Pauline Covell reports from Amcor Flexibles' first short run gravure operation
A vision to offer short runs of gravure with short lead times that owes its origins to a “germ of an idea” from visits to Japan in the 1990s is now firmly a reality at Amcor Flexibles S & R just outside Edinburgh, Scotland. So much so that the company is seeking further investment in a second press, slitter and cylinder store, and is keen to spread theword to even more customers about the commercial advantages, rapid response and time to market possibilities that five years ago would have been a mere pipe dream to most.
The concept – designated Forge – was to print a high number of short run designs each day. The “real plus” was the target on lead times to be two weeks for repeat orders and two to three weeks down to 24 hours for new orders.
Just how could that be achieved? Tino Savvas, Amcor Flexibles’ managing director of UK Flexibles, explained: “It is all about driving out costs by reduction of complexity through standardization – what we call ‘mass customization’ and driving out the obstacles to fast response time”. That meant the development of a total new system, procedures and practices.
“An investment was made which included the addition of a new press, one laminator and slitter, and the factory was almost doubled in size.”
Why was S&R chosen for the first site of the vision? “The site was ideal in that the infrastructure was right, it was a lower cost base than other UK sites and there was a culture of responsiveness and flexibility,” revealed Tino Savvas.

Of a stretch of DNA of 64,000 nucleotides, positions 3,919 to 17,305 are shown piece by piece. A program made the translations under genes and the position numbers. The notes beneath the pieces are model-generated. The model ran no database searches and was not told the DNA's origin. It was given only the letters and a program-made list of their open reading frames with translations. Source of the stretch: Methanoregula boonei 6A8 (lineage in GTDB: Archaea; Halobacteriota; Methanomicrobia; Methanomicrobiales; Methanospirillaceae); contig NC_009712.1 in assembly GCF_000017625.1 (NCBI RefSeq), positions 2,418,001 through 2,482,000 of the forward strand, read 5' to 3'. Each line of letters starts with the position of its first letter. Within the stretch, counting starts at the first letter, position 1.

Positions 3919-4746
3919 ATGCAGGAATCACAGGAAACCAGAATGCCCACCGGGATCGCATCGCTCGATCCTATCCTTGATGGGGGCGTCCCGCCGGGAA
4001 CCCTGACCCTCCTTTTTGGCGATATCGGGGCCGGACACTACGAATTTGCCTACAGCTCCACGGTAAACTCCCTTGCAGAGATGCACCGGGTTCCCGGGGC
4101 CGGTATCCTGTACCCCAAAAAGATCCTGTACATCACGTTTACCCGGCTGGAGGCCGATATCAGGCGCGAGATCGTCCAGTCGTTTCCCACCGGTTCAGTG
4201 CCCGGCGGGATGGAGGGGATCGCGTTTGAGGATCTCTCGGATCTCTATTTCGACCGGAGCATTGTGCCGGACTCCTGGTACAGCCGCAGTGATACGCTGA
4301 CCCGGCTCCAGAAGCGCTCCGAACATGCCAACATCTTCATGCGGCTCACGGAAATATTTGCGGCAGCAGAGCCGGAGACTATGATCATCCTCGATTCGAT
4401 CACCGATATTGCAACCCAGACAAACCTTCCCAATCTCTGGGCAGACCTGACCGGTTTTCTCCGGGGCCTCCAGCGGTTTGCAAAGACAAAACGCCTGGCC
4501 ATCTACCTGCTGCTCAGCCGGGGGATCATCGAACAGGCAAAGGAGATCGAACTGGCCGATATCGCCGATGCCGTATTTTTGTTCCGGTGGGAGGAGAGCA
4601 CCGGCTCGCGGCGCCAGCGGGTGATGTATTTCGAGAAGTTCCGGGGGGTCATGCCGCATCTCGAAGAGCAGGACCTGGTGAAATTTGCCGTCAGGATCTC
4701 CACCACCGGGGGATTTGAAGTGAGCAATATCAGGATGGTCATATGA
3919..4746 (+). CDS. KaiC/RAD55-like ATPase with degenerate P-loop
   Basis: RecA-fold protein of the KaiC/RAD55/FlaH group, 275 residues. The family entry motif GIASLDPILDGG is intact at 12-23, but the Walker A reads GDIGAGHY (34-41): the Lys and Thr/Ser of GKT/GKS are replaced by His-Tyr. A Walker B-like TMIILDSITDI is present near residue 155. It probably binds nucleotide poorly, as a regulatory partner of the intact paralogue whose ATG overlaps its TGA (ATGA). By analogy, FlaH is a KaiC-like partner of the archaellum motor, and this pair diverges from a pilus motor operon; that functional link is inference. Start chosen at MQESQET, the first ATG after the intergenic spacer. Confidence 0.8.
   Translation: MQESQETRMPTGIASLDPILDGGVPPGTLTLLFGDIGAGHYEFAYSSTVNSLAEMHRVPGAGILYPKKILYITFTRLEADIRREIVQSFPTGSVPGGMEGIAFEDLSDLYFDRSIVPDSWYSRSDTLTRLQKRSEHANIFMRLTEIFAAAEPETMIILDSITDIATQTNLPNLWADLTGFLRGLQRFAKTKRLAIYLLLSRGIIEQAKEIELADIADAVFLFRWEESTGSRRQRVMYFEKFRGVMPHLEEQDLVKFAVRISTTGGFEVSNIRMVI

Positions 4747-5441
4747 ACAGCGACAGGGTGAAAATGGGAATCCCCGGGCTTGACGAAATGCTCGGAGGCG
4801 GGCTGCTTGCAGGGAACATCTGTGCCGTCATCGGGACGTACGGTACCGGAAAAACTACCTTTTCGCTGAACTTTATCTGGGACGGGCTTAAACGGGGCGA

The company operates from a 73,000ft2purpose built plant. Immediately prior to the Sidlaw takeover of S& R in 1998, it had suffered a rather hand to mouth existence and, as general manager Michael McKeown said: “No one here really thought the company would survive.”
The material product range, using a limited number of widths, is currently limited to one PVdC coated film for biscuit roll and overwraps, white film plus coldseal for countlines, OPP for confectionery and tobacco overwrap. The specifications are based on the highest common factors all the way through to packaging specifications. Clearly this sometimes means a degree of over-specification in some cases or more edge trim waste than on longer runs, but it is also far more economic than dedicating different material qualities to each customer. “As there is half the setup linear waste, having greater trim in standardized widths is not an issue,” pointed out Tino Savvas. The materials partner is ExxonMobil, which runs a vendor managed inventory.
Cylinders on site
There are five key areas in the system that have been “forged together” to drive out costs and time: origination, cylinder bases, base film, press and logistics. A key partner is Keating Gravure. “They set up a facility at Mold for all Forge origination for rapid turnaround. And we decided we wanted to go to lightweight polymer sleeve cylinder bases not only to reduce cost, but also ease handling and set-up,” said Michael McKeown.
All cylinders are produced on site at S&R by Keating’s dedicated fully automatic engraving and chroming operation, and delivered by it exactly when needed to the press. Computer linked to Mold, the facility boasts two Max Daetwyler Gravostar 850 engraving heads and chroming, dechroming and handling equipment. Cylinders are also removed from the press and cleaned by Keating in a partnership that resembles the responsibilities of in-house ink suppliers. At S&R, the ink partner is Flint-Schmidt who is working with the converter to standardize specifications within two ink systems. There is a commitment to minimize colour matching time. “The target is 15min/job. On occasions 10 minutes has been achieved,” reported Michael McKeown.
Auto change “key”